An image of Trousdale a bit after his boy-band days (Image by Anthony Cutajar)
I'm so very sad to report that Chris Trousdale, once a co-lead singer with the boy band Dream Street (1999-2002), has died at just 34 following a battle with COVID-19, though his official account for some reason chose to state it was due to an undisclosed illness. Full obit HERE.
I knew Chris personally, having worked with Dream Street when I was a teen-mag editor. I have many memories of the group, who were among the youngest — and a rare actual band of boys as opposed to a group of young men targeted at little girls.
Chris was probably 14 when the group began. He had the spiky hair and girlishly pretty looks, and was a huge draw in teen magazines. He engendered a protective fandom for sure.
I have no doubt that most people in their forties on up will have never heard of Dream Street, but they sold a million records — a million — and had their own magazine, and their own movie, 2002's The Biggest Fan, in which Trousdale was the romantic lead.
Two immediate memories jump out at me.
First, extremely early in their run, Dream Street performed to just me in a tiny rehearsal space at the behest of their managers. I could not believe they were able to perform in synch with literally no extra room, and they did it so well, especially born-to-dance Chris. They were little, already selling it onstage, and would go on to become credible performers of their era.
I also remember he had an old-school Broadway agent — he had danced on Broadway on Les Miz — and when my teen mag created an award for him for Best Hair (voted on by readers), she told me on the phone to keep it, and to only call back with Best Singer! It was a riot, but I never held it against Chris, who seemed to have a hard life (his mom was so sick he semi-retired for a while to care for her).
The band disintegrated when most of the parents sued their management. My recollection is that Trousdale sided with management, but I could be mistaken. I just know they were completely done by 2002, after which Chris continued singing, self-releasing music, acting and trying out for The Voice.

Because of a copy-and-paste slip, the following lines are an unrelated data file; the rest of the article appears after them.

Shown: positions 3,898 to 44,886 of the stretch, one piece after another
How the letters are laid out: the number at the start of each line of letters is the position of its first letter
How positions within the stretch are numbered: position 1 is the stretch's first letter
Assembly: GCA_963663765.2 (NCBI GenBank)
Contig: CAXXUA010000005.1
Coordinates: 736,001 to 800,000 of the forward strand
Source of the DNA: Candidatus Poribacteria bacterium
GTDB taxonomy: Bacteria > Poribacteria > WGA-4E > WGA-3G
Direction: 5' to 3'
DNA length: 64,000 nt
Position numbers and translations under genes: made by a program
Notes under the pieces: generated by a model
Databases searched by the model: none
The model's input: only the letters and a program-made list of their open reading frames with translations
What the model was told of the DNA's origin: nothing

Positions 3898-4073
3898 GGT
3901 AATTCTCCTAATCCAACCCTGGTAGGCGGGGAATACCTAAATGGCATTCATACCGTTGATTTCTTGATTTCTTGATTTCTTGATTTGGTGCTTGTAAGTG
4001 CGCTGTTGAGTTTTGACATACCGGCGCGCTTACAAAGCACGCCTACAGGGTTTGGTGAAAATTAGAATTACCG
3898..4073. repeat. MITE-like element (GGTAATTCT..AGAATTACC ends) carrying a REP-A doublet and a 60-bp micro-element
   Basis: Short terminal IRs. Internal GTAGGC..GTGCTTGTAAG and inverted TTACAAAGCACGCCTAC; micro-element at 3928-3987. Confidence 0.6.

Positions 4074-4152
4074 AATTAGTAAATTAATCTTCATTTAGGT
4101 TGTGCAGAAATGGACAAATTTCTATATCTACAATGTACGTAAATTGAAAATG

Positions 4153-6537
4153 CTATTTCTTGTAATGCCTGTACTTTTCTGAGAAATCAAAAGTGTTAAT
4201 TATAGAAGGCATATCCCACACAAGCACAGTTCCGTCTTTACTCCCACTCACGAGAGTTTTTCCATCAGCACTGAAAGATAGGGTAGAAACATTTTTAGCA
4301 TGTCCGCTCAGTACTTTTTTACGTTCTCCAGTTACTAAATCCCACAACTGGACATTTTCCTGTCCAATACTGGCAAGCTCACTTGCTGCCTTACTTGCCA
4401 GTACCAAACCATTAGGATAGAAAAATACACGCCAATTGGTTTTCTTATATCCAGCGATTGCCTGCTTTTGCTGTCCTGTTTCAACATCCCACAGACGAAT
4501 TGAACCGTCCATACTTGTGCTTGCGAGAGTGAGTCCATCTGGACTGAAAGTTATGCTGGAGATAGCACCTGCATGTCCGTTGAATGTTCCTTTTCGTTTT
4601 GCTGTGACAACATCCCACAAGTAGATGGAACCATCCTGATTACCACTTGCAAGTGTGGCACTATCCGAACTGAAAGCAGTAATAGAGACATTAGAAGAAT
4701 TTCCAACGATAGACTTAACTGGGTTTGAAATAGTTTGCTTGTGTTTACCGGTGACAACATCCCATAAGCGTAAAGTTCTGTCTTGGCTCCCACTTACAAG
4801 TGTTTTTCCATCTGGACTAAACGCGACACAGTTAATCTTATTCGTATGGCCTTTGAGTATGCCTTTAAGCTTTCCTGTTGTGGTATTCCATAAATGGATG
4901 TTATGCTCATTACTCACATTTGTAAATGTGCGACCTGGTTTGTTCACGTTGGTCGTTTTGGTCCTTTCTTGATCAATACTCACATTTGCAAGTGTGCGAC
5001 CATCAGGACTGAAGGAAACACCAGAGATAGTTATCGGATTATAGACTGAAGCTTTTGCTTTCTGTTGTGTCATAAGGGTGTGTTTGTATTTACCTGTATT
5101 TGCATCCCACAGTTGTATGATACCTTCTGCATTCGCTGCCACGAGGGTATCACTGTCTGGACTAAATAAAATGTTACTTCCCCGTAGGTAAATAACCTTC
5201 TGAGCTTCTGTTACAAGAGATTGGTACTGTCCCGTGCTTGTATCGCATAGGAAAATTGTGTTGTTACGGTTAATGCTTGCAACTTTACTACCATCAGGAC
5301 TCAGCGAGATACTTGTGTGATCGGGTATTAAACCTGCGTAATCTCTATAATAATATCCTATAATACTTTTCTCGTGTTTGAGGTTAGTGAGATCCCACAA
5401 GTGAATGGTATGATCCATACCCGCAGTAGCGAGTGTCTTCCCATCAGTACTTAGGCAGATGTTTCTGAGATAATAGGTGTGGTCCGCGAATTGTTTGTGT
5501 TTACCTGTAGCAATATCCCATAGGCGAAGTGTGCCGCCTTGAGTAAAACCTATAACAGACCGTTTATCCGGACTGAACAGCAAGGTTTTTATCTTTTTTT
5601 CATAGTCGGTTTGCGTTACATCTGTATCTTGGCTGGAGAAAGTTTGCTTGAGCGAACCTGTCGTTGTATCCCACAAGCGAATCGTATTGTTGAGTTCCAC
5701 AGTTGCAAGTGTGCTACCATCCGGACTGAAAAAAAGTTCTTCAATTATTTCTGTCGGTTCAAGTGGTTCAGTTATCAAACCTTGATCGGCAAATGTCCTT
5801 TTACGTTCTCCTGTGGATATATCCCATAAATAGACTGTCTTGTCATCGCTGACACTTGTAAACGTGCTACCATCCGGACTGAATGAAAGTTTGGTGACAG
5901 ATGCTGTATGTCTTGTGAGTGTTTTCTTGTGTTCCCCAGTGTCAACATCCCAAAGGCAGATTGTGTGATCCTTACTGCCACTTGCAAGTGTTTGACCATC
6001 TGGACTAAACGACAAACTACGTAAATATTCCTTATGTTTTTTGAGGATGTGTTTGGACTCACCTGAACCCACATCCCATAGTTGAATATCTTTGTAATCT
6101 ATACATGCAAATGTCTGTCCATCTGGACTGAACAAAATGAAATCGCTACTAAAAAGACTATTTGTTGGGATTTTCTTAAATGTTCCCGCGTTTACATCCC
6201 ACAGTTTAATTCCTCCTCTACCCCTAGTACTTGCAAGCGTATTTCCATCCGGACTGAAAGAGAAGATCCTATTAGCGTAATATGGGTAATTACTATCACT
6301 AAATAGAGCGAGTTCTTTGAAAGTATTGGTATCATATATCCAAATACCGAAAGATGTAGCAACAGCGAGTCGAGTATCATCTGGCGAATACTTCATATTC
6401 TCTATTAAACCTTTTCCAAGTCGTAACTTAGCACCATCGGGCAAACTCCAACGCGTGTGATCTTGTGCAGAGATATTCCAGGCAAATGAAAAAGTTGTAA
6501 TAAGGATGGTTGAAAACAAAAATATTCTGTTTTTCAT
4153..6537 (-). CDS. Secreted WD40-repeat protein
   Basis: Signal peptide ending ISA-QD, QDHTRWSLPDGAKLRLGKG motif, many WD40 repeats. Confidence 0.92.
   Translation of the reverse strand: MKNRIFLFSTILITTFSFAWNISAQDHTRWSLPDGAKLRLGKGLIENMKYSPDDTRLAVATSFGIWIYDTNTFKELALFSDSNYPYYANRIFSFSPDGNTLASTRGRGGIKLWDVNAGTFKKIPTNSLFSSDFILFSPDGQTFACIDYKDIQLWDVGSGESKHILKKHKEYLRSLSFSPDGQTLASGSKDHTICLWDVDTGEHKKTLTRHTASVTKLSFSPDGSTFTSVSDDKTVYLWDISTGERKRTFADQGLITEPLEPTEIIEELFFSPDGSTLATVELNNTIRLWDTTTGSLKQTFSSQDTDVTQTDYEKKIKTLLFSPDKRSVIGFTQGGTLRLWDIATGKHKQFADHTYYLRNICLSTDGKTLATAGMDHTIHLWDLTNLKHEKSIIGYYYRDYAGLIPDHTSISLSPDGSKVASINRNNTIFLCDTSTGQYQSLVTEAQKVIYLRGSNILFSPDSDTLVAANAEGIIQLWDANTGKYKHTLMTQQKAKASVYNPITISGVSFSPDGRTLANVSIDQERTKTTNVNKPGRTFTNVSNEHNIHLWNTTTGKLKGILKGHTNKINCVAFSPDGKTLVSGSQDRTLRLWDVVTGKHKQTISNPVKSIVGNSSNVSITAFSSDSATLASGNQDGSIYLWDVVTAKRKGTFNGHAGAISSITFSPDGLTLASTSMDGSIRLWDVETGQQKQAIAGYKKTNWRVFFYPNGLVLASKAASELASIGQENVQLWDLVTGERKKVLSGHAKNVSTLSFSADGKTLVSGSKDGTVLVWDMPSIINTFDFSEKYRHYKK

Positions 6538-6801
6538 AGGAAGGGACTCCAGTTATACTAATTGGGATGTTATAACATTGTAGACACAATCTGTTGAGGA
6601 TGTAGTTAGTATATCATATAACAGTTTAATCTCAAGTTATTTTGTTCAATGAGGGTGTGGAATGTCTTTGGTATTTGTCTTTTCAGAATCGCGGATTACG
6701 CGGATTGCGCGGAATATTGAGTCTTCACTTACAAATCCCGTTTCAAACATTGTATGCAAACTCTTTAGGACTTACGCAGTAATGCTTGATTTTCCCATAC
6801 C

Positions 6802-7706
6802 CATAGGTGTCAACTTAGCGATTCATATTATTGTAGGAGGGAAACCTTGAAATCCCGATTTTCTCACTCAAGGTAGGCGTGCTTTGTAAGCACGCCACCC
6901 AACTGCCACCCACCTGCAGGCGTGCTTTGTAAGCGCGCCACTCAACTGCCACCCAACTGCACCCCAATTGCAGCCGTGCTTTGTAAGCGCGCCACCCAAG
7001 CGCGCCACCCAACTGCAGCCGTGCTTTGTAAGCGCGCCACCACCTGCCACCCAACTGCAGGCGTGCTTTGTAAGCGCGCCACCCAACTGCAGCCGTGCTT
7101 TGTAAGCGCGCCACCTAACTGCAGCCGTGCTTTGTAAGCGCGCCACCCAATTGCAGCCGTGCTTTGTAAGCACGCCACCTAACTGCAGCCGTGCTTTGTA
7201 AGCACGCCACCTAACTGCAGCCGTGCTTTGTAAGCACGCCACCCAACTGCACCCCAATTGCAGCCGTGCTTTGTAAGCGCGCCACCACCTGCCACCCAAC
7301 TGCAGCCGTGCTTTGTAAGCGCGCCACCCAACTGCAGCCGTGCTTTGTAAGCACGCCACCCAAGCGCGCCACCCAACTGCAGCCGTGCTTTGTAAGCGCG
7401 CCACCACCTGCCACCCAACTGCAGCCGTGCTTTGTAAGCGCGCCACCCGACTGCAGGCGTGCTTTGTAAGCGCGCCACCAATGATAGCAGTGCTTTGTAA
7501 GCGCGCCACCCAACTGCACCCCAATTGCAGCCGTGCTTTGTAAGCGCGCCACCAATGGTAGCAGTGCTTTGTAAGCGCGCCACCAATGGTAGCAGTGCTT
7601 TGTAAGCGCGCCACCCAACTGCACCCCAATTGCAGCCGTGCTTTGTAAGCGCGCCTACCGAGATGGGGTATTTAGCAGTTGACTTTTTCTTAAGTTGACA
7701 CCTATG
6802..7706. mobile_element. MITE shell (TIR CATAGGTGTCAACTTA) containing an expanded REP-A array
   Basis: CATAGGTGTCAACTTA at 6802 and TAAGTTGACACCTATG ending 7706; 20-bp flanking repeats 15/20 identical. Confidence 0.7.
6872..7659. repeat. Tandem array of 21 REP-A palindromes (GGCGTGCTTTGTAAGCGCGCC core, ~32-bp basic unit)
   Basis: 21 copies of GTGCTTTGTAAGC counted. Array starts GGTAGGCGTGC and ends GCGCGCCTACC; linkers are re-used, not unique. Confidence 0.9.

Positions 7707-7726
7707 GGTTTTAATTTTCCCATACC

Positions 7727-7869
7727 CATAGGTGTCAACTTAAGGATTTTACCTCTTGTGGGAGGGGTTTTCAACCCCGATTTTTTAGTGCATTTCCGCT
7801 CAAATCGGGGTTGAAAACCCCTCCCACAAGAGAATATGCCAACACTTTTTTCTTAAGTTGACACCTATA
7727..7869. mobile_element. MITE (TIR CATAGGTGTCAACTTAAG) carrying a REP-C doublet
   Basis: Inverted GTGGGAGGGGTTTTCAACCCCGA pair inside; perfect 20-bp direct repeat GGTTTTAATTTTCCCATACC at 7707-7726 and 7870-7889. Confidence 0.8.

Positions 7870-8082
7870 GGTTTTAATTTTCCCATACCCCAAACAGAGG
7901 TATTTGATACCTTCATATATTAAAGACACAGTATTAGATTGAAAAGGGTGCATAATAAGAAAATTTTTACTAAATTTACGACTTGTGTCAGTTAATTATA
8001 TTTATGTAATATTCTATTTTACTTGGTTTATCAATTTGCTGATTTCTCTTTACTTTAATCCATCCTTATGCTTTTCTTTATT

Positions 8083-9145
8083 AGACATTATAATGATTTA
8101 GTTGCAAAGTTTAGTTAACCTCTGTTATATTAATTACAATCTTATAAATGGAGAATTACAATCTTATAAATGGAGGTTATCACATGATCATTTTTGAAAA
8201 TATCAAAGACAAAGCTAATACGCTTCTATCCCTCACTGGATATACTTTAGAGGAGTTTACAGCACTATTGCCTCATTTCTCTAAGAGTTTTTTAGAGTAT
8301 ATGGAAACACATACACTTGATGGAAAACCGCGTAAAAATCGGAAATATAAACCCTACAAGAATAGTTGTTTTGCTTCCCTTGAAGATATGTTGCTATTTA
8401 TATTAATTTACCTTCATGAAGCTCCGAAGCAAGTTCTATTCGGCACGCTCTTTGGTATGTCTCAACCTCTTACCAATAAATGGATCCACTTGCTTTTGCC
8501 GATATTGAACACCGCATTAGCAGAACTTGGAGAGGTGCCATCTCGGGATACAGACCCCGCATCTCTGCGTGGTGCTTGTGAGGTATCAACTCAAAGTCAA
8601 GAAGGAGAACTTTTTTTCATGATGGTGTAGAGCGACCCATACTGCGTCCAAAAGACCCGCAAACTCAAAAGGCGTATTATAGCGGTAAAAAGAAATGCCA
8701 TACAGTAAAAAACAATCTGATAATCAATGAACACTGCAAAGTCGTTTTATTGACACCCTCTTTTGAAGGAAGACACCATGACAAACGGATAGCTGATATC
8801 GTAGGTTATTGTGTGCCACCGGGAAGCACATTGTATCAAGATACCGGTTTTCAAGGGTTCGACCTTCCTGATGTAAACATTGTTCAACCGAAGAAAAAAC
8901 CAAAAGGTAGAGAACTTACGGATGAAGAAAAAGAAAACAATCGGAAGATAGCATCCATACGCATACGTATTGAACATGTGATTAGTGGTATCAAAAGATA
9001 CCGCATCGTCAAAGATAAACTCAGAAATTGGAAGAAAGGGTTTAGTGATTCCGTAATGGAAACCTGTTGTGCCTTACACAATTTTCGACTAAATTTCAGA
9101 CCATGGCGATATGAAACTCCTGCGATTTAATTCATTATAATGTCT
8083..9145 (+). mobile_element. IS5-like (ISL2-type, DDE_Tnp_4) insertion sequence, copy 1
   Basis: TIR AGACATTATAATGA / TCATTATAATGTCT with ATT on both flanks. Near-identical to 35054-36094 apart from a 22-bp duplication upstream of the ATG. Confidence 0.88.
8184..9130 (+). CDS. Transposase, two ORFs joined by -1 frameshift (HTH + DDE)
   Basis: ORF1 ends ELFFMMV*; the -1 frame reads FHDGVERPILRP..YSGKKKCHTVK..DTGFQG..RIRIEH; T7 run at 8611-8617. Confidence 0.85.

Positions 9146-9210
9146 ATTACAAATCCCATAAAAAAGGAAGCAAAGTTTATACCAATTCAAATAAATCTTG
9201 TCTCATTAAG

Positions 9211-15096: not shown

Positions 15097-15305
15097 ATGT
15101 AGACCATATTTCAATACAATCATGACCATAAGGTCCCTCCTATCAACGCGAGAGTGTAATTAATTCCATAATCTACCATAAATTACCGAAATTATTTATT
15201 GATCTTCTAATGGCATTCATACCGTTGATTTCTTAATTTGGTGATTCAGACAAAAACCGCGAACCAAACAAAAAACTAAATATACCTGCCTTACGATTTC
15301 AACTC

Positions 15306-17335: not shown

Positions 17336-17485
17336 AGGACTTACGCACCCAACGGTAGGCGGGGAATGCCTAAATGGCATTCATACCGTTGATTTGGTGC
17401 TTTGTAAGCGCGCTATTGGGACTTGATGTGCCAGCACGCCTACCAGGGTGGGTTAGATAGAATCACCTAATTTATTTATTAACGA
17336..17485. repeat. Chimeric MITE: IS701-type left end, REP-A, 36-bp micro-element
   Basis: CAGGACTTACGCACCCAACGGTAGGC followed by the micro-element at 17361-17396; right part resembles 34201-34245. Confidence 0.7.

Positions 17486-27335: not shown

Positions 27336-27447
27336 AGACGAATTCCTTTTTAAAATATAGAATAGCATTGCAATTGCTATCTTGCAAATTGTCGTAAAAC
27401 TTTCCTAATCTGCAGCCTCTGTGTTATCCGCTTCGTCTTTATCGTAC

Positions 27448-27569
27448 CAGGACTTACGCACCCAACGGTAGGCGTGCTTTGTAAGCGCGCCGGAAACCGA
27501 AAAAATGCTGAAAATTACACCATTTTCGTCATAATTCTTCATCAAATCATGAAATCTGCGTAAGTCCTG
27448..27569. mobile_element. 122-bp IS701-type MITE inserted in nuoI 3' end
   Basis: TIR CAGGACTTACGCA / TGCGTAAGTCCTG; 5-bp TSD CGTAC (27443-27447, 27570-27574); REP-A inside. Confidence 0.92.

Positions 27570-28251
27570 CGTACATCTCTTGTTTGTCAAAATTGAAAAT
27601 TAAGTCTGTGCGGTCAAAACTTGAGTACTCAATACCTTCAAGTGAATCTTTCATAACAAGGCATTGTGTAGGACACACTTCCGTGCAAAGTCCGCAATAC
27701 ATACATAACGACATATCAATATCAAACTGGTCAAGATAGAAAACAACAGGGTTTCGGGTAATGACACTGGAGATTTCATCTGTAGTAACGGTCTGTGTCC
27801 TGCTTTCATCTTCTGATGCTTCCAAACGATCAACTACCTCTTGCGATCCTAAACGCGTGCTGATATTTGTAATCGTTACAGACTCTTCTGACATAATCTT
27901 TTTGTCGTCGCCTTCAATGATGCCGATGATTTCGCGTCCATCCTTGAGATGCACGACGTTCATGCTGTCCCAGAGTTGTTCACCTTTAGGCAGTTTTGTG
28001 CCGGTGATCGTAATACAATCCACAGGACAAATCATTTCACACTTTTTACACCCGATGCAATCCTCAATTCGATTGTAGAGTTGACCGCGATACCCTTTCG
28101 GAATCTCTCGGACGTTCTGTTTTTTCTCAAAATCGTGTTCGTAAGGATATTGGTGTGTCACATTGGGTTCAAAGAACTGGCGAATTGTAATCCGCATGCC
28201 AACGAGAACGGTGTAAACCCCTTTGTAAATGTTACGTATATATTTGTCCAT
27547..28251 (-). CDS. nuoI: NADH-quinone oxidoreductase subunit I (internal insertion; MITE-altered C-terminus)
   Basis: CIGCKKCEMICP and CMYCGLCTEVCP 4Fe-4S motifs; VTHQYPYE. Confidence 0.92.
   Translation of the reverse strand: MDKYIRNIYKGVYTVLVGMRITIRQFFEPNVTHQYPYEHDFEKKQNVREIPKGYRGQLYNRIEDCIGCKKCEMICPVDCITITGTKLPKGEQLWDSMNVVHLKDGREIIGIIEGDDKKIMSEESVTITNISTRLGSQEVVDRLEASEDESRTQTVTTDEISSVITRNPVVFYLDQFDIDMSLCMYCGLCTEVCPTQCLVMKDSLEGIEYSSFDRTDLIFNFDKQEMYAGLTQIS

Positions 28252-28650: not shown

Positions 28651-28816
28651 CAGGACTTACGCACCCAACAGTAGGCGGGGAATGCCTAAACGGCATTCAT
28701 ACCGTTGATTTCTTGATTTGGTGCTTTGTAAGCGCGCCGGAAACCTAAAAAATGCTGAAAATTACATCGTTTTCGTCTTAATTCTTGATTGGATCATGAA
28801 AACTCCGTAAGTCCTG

One of Trousdale's old Dream Street bandmates, Jesse McCartney, said of his passing:
It pains me to say that an old friend, Chris Trousdale, from my early days in the music industry has passed away due to complications from COVID-19. Chris had an explosively charming personality with boundless amounts of talent. Together we made up two of the five members of a boyband called DreamStreet. We were young kids with budding talent who shared an overwhelming love for music and performing. Chris, in my opinion, was the most popular among us, who had a way of drawing every eye to what he was doing on stage. As an incredibly trained dancer, he would pick up an entire dance number in a matter of minutes; something that would take the rest of us days. I truly envied him as a performer. We were a part of something people never get to experience in an entire lifetime at the tender ages of 12 and 14. Although we were a band for only 3 years, at that age, it felt like a lifetime and we built a real brotherhood. In later years, we would grow apart as our lives would take different turns, but I would often reflect on our early days together and think about how exciting it all was. My deepest sympathies go out to his mother whom I know cherished him dearly. RIP Chris. I’ll never forget your smile. #DreamStreet#ChrisTrousdale
Very humble of JMac to note that Trousdale was more popular in the group than even he was — which is true! And McCartney went on to great, great success.
Chris later said hello to me on Facebook and was effusively humble and warm. My impression is he was gay, though not professionally out. He did support LGBTQ causes on social media.
He also supported Black Lives Matter, posting about #BlackoutTuesday literally on the same day he died, leading me to believe he was not expecting to lose his battle with COVID-19.
Chris's final solo song was “Summer,” released in 2019.